As I write this, New York City is the new Wuhan, the epicenter of the pandemic in a country that rapidly saw its case load cross China’s and balloon at alarming speed, aided by a dysfunctional government, a leader pitting state against state in a Hunger Games like tussle for resources and egos that took a long time to realize that America is not immune simply because she is powerful. Yet I feel confident that the city will recover, as will the world, but only after the crisis has peaked and fallen in city after city and nation after nation, only after the virus which seems determined to put humanity on pause has made its way around a globe in which we have arrogantly erected walls and drawn borders that nature is impervious to. I think constantly about my family, my mother and brother and his family, in Mumbai as they wait out a 21-day quarantine which I hope faintly will be the worst of it. And I think about my father in Mexico which is as yet less affected but can’t close its borders to the U.S. as India has, because the economic costs would be too high. I’m isolated in limbo, unable to travel to those closest to me but increasingly thankful they are safe. I feel relieved that so far my friends, if affected, have only mild symptoms. I feel guilt over the privilege of having an over-stocked fridge and steady work and despondency at the plight of those who have lost jobs or loved ones. I feel helpless about the unspeakable hardship facing people like migrant workers in India who cannot afford a day off, let alone a lockdown and were left with no choice but to walk hundreds of kilometers home.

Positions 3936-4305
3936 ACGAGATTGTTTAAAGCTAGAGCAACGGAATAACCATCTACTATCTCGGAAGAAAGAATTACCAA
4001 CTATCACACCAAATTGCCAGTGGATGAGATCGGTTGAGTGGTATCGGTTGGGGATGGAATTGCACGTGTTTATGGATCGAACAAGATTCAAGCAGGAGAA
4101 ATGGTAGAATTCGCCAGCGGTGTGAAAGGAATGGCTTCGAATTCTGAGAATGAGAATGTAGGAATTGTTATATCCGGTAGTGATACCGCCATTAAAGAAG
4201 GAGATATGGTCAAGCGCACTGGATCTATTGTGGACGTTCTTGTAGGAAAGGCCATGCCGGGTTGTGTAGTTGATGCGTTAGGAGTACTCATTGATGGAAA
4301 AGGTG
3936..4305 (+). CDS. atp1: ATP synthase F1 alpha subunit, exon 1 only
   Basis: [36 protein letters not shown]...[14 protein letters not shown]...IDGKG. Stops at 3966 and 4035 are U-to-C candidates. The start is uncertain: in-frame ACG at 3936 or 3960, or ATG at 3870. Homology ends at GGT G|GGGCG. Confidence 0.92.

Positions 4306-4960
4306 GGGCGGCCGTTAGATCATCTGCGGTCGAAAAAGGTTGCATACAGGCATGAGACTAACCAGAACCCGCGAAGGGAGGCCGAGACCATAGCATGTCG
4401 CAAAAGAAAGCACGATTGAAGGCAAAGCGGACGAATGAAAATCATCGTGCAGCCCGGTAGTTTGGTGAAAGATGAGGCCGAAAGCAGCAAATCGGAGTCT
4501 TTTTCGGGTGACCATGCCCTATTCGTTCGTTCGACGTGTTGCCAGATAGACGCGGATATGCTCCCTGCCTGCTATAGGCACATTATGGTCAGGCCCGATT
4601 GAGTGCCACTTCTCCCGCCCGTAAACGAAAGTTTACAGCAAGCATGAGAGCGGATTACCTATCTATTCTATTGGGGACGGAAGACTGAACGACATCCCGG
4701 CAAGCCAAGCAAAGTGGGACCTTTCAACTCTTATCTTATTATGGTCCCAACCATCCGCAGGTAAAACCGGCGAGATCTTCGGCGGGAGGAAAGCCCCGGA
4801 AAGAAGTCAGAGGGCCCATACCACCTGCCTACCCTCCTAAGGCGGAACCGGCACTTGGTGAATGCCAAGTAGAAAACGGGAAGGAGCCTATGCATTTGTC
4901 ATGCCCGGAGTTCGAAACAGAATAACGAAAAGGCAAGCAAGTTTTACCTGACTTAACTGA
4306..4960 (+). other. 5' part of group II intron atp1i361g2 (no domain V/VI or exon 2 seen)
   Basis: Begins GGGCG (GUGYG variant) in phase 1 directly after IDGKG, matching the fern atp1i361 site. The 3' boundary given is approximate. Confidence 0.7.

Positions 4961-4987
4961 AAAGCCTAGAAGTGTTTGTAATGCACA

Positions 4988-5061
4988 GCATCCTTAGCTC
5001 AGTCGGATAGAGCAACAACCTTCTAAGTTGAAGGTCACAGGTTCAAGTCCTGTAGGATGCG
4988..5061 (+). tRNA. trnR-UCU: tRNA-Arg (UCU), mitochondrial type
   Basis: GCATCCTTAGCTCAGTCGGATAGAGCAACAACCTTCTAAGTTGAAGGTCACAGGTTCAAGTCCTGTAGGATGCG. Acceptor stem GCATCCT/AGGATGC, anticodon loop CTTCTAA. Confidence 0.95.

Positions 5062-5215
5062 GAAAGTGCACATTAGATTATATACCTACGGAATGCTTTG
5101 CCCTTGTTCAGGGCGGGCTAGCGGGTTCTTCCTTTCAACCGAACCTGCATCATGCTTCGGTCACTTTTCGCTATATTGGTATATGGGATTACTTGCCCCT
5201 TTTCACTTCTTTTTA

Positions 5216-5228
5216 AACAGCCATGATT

I am not special in the highs and lows of life in the time of corona. I bounce between cabin-feverish joy at the novelty of being able to do an Instagram Live yoga session and have a Zoom virtual dinner date with friends in the city or FaceTime with my niece and nephew across an ocean and the gloom of waking up the next morning and realizing that it is yet another day of virtual contact, no hugs on the horizon. My wonder at the imagination of the countless artists that are connecting online with their audiences from streamed mini concerts, to late night hosts filming shows at home, to Patrick Stewart reciting Shakespeare on Twitter is tempered by a news cycle that only gets worse, numbers ticking up exponentially, hospitals having to choose who to forsake and who to save, a world map graphic blotched with ever larger red patches. I imagine it’s the same for everyone. In a situation where no one is truly spared, we are all succumbing to COVID-induced swings as a salve to hanging in the balance where there are no answers to when and how it all ends. Increasingly though, I find that hanging in the balance is crucial. It is a cliché, but that doesn’t make it any less true, that crisis and especially uncertainty illuminate what is important.